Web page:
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Re: st: Correcting for self selection

From   Maarten buis <[email protected]>
To   [email protected]
Subject   Re: st: Correcting for self selection
Date   Fri, 28 Jan 2011 08:20:52 +0000 (GMT)

--- On Fri, 28/1/11, [email protected] wrote:
> Based on an unbalanced panel data set of organizations
> competing with projects in a monthly competition, I try to
> model the likelihood of an organization winning (binary
> outcome) given explanatory variables. However, the
> organizations with the highest scores on the main
> explanatory variables (orgs a) participate more often in the
> contest than organizations with lower scores (orgs b).
> Since (orgs a) participate often, they enter many projects
> that lose and some projects that win. As a consequence, even
> though (orgs a) win the most in the contest overall, the
> models produce negative coefficients for these (orgs a)
> organizations.

Warning, this is just loose association on my part, so treat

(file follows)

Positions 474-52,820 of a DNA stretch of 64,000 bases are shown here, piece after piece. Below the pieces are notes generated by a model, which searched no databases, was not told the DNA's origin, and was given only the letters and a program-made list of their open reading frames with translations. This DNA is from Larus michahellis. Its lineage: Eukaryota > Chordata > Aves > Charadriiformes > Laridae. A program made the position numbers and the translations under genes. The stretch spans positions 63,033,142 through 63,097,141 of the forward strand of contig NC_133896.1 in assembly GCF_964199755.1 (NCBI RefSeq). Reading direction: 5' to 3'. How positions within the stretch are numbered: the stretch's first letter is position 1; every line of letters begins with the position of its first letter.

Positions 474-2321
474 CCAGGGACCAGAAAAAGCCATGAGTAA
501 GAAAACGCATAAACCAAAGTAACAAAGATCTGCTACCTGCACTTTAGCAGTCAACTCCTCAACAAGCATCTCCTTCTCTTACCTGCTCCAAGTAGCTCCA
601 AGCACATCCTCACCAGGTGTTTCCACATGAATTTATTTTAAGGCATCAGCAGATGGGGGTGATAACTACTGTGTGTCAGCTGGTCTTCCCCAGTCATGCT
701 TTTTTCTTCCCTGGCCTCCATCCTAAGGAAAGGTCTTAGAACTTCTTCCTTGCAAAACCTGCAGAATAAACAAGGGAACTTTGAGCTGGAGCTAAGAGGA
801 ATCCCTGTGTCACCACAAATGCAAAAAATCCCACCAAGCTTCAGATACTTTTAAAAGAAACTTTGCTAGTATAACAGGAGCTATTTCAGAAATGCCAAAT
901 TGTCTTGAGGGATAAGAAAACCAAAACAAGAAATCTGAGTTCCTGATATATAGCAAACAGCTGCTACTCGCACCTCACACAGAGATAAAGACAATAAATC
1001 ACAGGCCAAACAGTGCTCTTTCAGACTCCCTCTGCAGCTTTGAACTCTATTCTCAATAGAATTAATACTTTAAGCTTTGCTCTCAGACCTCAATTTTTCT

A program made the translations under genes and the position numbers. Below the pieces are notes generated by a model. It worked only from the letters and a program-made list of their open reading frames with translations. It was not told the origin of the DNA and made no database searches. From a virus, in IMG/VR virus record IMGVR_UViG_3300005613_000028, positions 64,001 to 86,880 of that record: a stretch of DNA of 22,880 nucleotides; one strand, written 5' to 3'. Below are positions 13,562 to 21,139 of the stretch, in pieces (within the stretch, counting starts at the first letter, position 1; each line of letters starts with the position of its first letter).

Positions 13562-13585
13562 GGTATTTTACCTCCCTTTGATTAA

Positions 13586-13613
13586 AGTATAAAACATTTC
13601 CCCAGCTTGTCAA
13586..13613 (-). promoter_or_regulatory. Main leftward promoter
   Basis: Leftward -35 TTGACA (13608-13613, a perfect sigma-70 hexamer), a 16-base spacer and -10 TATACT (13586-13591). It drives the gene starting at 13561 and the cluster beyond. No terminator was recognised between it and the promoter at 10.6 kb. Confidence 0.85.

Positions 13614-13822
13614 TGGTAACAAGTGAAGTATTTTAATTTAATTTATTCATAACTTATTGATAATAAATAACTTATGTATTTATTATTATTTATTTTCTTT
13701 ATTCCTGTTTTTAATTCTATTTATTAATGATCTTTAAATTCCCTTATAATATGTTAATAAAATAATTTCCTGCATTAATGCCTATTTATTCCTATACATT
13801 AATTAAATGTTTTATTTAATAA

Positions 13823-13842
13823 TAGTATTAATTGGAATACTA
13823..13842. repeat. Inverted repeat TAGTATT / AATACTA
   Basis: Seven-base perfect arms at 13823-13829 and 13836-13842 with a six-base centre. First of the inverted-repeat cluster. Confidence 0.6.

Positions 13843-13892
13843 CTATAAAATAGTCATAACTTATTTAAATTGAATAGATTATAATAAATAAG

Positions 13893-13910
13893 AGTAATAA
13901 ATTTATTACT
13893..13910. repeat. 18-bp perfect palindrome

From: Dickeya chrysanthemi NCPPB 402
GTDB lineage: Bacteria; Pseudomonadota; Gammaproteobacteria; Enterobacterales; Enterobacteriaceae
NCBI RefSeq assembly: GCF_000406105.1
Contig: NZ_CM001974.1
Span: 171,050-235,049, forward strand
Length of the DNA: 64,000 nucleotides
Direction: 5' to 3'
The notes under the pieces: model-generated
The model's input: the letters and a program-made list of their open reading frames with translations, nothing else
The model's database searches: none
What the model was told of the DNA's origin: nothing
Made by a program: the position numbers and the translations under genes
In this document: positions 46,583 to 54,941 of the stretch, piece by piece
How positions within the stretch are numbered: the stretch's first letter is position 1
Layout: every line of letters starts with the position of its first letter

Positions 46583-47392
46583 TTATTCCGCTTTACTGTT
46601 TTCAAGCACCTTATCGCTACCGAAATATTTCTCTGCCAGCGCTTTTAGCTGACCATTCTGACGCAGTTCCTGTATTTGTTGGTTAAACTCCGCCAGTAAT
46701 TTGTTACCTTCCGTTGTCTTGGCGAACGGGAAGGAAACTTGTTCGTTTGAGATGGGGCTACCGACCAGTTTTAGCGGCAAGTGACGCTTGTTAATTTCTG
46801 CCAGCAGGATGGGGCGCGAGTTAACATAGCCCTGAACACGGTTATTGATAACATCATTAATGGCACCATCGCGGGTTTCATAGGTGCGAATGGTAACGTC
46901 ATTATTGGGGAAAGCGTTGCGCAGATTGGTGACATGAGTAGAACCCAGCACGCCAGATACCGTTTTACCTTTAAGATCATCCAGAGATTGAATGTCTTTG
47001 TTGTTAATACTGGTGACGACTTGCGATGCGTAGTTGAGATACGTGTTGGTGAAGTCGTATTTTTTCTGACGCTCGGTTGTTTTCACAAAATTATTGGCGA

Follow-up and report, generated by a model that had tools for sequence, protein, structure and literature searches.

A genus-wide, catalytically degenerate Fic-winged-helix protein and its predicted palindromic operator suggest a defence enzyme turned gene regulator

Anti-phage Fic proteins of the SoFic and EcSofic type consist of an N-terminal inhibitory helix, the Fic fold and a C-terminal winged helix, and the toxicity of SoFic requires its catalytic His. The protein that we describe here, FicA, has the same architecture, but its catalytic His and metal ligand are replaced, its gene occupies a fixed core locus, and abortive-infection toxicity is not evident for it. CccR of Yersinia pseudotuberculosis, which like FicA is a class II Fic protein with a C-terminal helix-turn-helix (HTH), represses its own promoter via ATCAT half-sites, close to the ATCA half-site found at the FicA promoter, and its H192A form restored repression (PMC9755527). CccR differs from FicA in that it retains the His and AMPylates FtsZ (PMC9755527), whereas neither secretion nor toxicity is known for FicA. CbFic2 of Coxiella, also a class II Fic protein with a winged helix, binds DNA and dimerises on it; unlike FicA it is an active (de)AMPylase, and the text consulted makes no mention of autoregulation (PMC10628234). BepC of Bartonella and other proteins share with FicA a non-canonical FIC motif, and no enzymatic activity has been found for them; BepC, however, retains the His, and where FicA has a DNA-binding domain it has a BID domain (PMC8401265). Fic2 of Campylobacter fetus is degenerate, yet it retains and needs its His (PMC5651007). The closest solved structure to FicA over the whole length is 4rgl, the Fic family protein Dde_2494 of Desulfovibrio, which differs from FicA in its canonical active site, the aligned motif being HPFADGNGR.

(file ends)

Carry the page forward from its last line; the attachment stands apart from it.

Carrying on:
this post as a suggestion on where you could look for a possible 
answer and not as "the answer" or even "a answer".

What you want to do looks to me a lot like what people do when
they enter an offset to their -logit- or -poisson- model: some
units are longer or more often exposed to the risk than others.
I have never been in a position where I had data where I needed
to use this, so I only know it from reading about it, hence the
warning above. I have the impression this trick is more commonly
used in medical/biological fields, so maybe someone from these
fields can shed some light on this.

Hope this helps,

Maarten L. Buis
Institut fuer Soziologie
Universitaet Tuebingen
Wilhelmstrasse 36
72074 Tuebingen


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